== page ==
All crazy for Western customs
What’s next for Cuba? Obama’s policy, Castro’s death and Trump’s election have made the political future of the country uncertain, but it is undeniable that things have recently changed on the island. Over the past few months ‘bites’ of capitalism have seduced Cuban citizens – Karl Lagerfeld’s Chanel fashion show in Havana being a remarkable example of the changing wind – and reminded us of other, previously socialist or communist countries, that have long now been fascinated by capitalist customs. What happened in the countries of the former Soviet Union and China is an interesting example of the increasing allure that Western and capitalist habits exercise on (once) communist states.
Eat like an American
On the 30th of January 1990, the year before the Union of Soviet Socialist Republics (USSR) collapsed, the first Mc Donald’s restaurant in the Soviet Union opened in Moscow. It had been estimated that 1,000 people would visit it on its first day, but eventually 30,000 vistors arrived for the opening, eager to try the food of the famous American chain.
The same year the first Mc Donald’s ever opened on Chinese mainland was inaugurated in Shenzhen, and the Western chain soon became a common family hangout spot and even a popular place for first dates. In general Western chains such as Mc Donald’s and Kentucky Fried Chicken (KFC) are considered quality establishments, and are highly regarded by the Chinese middle class.
Dress (Western) to impress
Since the launch of Deng Xiaoping’s “open door policy” in 1978, and the consequent opening of Chinese markets to foreign businesses, Chinese people have increasingly found everything labeled “Western” more and more interesting. That is why, in the last few decades, tons of counterfeit merchandise with illegally copied trademarks were produced in China: electronics, designer clothing and everything else you can and can’t imagine. We’re not only talking about objects: entire chains of scam stores were set up, such as fake Apple and Ikea stores.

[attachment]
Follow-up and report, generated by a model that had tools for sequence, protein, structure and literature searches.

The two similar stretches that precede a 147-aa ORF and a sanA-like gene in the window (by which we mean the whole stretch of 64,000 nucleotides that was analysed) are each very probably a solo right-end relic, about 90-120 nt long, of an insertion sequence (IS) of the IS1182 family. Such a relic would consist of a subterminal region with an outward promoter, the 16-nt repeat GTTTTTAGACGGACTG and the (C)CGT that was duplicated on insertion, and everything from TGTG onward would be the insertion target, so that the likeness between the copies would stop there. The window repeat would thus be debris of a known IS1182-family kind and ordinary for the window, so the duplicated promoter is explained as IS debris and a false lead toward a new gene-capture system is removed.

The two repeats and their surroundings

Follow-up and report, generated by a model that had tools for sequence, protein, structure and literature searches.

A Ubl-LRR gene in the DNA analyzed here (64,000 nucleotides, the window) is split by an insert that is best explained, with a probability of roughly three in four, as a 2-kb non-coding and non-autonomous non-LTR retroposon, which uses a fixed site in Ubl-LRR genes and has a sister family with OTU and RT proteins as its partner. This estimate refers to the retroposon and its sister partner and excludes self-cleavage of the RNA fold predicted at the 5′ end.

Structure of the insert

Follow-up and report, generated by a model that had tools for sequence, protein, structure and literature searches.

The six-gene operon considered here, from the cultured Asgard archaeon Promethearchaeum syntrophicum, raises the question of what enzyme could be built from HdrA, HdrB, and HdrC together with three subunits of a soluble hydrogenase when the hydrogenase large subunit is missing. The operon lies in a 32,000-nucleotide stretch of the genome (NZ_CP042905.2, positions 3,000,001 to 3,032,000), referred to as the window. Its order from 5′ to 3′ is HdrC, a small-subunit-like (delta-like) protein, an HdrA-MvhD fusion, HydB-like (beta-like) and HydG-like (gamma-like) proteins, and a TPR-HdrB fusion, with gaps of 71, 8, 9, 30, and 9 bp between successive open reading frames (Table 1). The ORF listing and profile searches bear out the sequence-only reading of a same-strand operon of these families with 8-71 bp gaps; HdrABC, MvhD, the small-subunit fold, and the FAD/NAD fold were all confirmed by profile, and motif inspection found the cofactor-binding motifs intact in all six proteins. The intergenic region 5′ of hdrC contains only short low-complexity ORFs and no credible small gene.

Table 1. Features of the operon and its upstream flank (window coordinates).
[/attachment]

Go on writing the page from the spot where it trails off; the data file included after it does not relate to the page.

While Russia doesn’t compare to China in terms of counterfeiting talent, it is interesting to note that the custom of jeans-trafficking was wildly popular in the Soviet Union: in the late fifties the country was invested by a jeans fever, and the latter ceased to simply be clothes, becoming instead a symbol of Western freedom. Unofrtunately, Soviet-made jeans were not as cool as the originals, so traffickers had to start sourcing and selling original denim items, risking serious punishments: there have even been cases of people sentenced to death for trafficking jeans.
Western festivities have been gaining ever-increasing popularity in China. Valentine’s Day, Halloween and even Thanksgiving Day are becoming more and more popular, but Christmas is definitely the most beloved among Western celebrations. When Christmas approaches, nearly every store puts out decorations representing Santa Claus, snowflakes and even Christmas trees. The festivity is so popular among the Chinese that every year thousands of them flock to the Santa Park located in the Finnish city of Rovaniemi – Santa’s official hometown. This success eventually led the park to hire Mandarin-speaking staff and even to plan the building of a similar facility in the Chinese city of Chengdu in the Sichuan province.
The same passion for Western Christmas symbols – lighted trees, presents, cards, Santa Claus and street decorations – is shared by Russians, despite Christmas being a controversial issue in the Soviet period: there was no place for such a reactionary celebration in the brand new atheist society envisioned by Communism. The party’s strategy to solve this awkward situation was to move the Christmas celebrations to the 1st of January, assigning all its symbols to the New Year festivity. Under Stalin the New Year celebration, Novyi God, was declared a national family holiday – a sort of surrogate Christmas stripped of any Christian meaning. This is why today in Russia Christmas trees are known as New Year’s trees…
Article written by Lucia Ghezzi and Margherita Ravelli.
Cover photo: Chinatown gate in Havana, Cuba by Abdecoral (CC0 Public Domain).